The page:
What’s not to love about an Arab who regularly posts love letters to Israel in the form of Facebook updates? That is, if you’re a pro-Israel Jew who wishes with every fiber of your being that there would be a kinder, gentler Islam and that peace would not be beyond our grasp. And so it is that I send a friend request to everyone’s favorite Arab Facebook friend.
You probably know who I mean.
It is almost embarrassing how much I want M to accept my request and how much I enjoy his welcoming words in his flowery Levantine style. It is absolutely embarrassing to note how self-impressed I am when M asks me and a select few others, in a private Facebook message, why we don’t speak out more on his behalf.
Privately, I preen.
M thinks I am that influential, though I am just a writer for a nonprofit, Kars4Kids, albeit a writer involved in pro-Israel activism on the side.
I ask if I can interview him for a blog. We agree on a time for a Skype call. I wait. M doesn’t show.
Days later M apologizes, reschedules. Again, he is a no-show. He mentions something about being on the run again, more death threats.
Finally, we manage our Skype call. We get through a number of my questions. At one point, I think I hear a toilet flush. I pretend I don’t hear it. We agree he’ll answer the rest of my questions by email.
I wait. M doesn’t follow through.
Then one day, he sends me a link to a webpage all in Arabic. I can’t read Arabic. He swears up and down that the webpage is an anti-Israel article written by a well-known Arab Israeli journalist. One I respect.
High Up Sources
The article, M tells me, was written many years ago. He swears up and down that it says what he says it says and that his sources are very high up.
It doesn’t sit right with me. I tell him I want to have someone translate the piece into English, so I can verify what he tells me.
M is offended. He makes me feel guilty for spurning his offer of truth. Is he not my friend, M asks? Would a friend lie to a friend?
Hem And Haw
I hem and haw, and hurt, he lets me go.
I look for someone to translate the article and find someone. He’s busy, perhaps tomorrow.
Before my translator friend can get to the work, M writes: it was all a huge mistake. The journalist he smeared the day before is a prince among Arab men.
Gobsmacked And Offended
I am gobsmacked.
Had I spread the slander to my contacts, my credibility would now be in tatters. I would be reviled for sloppy work and for besmirching the name of a respected journalist.
I log on to Twitter and confront M’s tweet: “[Respected journalist M smeared the day before] is a prince among Arab men.”
Lights My Fuse
It lights my fuse to read this. I tweet, “Funny. That’s not what you said yesterday.”
M messages me on Facebook. “My contacts misled me. I apologized to [said journalist]. It’s all been worked out. Please remove your tweet.”
I do so.
One week later, M messages me, “Dear precious varda, it was a moment of weakness and treason from someone I trust, I care for you much, and respect the wonderful things u ve always said and done…….I did injustice to [said journalist], and it was because of a sleeper who abused my trust……forgive my dear and I truly hope we start a new page at least as fellow zionists!”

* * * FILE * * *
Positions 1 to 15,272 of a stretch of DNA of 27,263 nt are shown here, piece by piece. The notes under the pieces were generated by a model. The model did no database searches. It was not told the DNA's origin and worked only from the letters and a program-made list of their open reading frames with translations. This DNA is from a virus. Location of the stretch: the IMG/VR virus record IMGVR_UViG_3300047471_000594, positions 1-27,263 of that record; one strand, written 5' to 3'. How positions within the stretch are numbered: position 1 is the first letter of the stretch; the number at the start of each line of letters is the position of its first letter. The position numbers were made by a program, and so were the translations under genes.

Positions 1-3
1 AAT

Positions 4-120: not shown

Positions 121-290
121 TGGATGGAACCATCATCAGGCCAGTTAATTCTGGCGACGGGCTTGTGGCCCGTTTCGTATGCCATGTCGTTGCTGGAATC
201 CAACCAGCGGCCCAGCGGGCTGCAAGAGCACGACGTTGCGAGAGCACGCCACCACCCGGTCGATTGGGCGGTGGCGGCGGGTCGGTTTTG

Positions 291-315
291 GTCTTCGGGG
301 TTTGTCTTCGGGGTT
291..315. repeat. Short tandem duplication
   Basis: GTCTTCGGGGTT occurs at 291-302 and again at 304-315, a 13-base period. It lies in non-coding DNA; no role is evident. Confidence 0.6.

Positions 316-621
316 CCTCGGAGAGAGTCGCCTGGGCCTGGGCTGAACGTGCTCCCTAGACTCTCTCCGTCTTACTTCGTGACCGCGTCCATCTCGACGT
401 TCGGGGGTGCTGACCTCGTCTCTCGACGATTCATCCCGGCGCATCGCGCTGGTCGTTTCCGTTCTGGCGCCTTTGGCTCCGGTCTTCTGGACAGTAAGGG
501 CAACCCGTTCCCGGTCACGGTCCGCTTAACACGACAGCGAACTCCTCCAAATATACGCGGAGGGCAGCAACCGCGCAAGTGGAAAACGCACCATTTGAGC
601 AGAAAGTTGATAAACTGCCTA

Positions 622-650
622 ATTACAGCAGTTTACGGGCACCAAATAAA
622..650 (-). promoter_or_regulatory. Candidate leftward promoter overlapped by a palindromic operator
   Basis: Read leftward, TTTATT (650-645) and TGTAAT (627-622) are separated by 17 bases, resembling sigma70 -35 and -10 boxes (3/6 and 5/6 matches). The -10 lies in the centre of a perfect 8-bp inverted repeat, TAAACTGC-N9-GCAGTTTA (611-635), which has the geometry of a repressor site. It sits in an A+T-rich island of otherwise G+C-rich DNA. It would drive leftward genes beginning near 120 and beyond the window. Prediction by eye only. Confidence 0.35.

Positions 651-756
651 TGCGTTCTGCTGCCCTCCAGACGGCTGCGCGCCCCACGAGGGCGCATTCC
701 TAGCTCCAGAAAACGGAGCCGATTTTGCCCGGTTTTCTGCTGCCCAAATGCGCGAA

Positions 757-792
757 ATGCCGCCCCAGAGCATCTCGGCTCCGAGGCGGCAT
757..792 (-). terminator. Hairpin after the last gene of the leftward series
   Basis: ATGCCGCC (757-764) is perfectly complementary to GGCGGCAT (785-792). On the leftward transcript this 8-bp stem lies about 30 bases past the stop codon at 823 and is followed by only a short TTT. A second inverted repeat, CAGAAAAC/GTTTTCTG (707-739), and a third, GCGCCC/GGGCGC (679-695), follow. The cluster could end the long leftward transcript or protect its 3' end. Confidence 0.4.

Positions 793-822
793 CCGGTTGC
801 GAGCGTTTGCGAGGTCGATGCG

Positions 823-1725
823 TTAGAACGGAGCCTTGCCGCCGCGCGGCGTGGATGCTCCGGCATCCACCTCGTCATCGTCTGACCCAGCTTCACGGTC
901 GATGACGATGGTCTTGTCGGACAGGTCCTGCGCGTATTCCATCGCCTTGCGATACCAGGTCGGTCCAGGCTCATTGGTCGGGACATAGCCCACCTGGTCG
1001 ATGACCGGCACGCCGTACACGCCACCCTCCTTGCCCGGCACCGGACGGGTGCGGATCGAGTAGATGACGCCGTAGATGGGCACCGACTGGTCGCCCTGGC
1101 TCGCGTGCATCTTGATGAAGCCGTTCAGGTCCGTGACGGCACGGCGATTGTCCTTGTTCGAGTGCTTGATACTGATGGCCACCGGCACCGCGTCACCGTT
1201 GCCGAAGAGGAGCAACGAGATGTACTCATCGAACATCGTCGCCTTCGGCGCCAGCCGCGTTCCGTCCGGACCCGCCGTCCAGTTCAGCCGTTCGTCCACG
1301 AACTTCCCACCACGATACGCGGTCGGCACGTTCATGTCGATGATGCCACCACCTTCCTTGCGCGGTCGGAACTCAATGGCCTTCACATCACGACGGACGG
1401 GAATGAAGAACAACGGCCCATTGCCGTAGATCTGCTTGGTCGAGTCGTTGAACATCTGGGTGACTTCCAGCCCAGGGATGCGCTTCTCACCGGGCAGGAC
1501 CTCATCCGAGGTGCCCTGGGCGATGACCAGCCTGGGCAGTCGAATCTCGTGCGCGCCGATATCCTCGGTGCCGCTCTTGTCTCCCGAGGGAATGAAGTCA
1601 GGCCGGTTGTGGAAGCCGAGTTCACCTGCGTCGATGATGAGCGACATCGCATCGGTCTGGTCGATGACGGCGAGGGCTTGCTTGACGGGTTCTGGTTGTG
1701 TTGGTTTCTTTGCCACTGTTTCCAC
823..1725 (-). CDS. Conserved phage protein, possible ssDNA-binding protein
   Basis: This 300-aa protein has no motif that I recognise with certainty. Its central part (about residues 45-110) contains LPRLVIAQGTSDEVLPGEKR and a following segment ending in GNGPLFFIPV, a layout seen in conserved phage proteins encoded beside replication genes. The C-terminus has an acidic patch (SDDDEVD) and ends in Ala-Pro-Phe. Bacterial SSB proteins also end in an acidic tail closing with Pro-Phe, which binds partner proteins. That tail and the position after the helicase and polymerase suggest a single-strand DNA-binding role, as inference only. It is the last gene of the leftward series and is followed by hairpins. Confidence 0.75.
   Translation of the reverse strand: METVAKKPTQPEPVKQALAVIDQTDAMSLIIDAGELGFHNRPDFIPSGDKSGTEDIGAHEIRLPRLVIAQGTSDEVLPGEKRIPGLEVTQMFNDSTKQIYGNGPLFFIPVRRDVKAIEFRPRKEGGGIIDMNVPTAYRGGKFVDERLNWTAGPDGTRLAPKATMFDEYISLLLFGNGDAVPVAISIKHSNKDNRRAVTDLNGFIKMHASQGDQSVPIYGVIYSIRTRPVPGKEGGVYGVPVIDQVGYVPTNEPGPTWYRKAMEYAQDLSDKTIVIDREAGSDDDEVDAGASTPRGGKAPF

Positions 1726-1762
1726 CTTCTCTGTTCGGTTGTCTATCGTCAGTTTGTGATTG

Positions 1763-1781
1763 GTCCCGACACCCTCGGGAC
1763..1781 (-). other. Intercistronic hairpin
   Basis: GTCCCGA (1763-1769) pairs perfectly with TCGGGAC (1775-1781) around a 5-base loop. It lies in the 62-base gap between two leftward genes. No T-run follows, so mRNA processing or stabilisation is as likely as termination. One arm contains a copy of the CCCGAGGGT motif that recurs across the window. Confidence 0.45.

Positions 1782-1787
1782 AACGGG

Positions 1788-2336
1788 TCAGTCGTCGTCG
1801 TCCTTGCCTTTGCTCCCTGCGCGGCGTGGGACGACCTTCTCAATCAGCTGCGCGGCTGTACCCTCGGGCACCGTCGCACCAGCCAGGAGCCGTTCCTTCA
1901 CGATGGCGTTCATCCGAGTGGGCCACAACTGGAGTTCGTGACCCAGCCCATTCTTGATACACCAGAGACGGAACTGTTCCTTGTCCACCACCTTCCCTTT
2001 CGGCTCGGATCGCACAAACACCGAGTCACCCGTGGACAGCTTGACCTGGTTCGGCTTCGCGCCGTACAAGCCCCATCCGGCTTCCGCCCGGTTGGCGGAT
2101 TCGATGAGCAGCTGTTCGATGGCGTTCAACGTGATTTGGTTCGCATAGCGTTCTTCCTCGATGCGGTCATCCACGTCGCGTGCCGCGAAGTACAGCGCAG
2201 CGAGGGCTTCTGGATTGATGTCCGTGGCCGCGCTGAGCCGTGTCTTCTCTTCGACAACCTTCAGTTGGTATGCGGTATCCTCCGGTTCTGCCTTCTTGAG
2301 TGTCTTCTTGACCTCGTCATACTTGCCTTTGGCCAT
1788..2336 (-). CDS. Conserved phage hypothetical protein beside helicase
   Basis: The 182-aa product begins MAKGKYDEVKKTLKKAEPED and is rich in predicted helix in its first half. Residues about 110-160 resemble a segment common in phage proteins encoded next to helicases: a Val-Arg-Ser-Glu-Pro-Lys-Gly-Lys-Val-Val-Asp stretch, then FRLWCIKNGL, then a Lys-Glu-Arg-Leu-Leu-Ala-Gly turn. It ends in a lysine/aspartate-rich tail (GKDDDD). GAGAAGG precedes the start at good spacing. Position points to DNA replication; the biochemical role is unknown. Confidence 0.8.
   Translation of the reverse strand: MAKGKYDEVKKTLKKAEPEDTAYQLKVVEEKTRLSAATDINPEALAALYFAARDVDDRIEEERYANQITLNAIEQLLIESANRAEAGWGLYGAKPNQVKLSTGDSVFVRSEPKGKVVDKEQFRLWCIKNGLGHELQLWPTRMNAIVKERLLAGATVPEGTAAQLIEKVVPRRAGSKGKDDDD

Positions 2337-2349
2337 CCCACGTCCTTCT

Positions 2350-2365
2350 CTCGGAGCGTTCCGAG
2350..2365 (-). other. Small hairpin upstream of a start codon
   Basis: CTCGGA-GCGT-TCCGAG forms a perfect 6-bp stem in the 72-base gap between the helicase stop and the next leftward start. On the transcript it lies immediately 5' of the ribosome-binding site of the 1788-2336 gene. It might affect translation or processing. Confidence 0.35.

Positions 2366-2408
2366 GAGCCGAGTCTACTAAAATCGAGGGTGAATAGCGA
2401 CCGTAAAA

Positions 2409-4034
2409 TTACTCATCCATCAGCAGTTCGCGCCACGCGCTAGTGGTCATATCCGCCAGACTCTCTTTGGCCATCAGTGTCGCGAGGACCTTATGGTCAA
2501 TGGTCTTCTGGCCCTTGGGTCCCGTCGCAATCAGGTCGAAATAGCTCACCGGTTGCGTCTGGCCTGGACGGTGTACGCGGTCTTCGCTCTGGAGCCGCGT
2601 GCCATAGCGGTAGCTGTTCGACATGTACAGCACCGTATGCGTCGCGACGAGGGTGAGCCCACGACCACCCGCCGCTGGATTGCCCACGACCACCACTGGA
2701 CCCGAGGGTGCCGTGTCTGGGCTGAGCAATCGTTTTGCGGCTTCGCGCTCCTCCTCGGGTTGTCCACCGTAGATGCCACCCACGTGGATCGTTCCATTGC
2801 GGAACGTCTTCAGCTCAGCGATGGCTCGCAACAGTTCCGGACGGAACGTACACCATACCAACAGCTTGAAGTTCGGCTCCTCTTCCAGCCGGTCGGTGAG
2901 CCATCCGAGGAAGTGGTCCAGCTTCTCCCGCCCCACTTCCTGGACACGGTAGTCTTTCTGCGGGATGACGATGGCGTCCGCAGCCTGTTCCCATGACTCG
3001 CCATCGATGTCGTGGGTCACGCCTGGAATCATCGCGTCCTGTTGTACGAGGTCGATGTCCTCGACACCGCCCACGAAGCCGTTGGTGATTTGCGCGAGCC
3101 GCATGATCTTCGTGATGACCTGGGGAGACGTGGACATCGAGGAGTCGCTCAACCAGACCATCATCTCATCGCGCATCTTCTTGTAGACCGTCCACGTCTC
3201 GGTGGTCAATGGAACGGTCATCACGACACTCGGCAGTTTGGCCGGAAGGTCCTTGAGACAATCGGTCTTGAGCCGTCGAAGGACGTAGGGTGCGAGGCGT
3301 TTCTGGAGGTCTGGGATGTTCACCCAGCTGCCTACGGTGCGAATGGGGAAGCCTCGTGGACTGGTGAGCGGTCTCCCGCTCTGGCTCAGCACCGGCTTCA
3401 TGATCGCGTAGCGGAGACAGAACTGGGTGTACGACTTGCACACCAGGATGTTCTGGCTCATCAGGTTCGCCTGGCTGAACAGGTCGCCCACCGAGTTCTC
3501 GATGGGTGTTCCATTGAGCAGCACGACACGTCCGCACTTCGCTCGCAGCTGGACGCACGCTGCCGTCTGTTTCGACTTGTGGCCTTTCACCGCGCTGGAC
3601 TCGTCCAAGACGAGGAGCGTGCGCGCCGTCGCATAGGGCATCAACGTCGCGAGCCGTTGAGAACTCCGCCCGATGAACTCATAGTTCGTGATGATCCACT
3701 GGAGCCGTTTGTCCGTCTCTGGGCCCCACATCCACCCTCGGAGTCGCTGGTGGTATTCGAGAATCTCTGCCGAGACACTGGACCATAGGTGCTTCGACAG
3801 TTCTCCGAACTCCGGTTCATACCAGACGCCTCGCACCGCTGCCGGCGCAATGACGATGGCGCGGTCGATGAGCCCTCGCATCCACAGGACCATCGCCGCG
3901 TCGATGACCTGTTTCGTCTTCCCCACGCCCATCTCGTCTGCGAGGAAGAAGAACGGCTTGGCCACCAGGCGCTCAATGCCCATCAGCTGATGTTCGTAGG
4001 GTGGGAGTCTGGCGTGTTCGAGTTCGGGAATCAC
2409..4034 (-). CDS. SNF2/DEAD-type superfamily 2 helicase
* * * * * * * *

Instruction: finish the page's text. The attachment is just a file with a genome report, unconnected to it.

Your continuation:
And I see M has unfriended me.
It is a spear to the heart.
I try to reason with him. People who are “dear” and “precious” aren’t written off, I tell him.
He Blocks Me
M will not budge. He writes something a bit firmer, more hurtful, and blocks me.
I am a writer. It hurts to have my words stilled. It’s unbearable. I want him to know what I feel. I want to discuss this.
I message M on Skype. He asks, “Varda, what do you want from me?”
I explain: he put me at risk, my credibility. M answers me with more flowery words, and then I answer him from the depths of my heart, with full feeling, regarding his ending of our friendship:
I Feel Betrayed
“I am surprised how much it hurts. I want to help you. I believe in you. I feel betrayed. But it is your choice. I won’t bother you further.”
M unblocks me. He sends me a friend request. He makes it seem chivalrous: he thought my actions showed I no longer want his friendship.
We chat. I tell him I’m not like him. I am no good at flowery language. My people are from Lithuania, renowned for being cold and unemotional.
M writes, “Ukraine has beautiful people, yet they hate Jews in such a strange fashion. I remember how when the Nazis arrived the locals took the initiative to round up Jews. Amazing, why so many people hate Jews.”
And suddenly I hear it. Not the error in geography. The trope.
The words trip off something essential inside me, turning my veins to black ice. Now I know him. Now.
Had he said, “Some of my best friends are black,” I would have laughed, would have appreciated the joke. But suddenly I know. I know it in my gut: M hates Jews absolutely.
The flowery language covers his truth. A truth as old as the ages. A truth I didn’t and don’t want to know or own.
But I do.
I wait a few days as my gut churns for having exposed my hurt to him, my core. Over imagining M was different, the Great Arab Hope—the one who would bring peace in our time.
Then I unfriend him and shelve my hope somewhere way back in my closet, on a high shelf. I can take it out once a year, dust it off, and consider whether I want to keep it or give it away.
Or throw it out.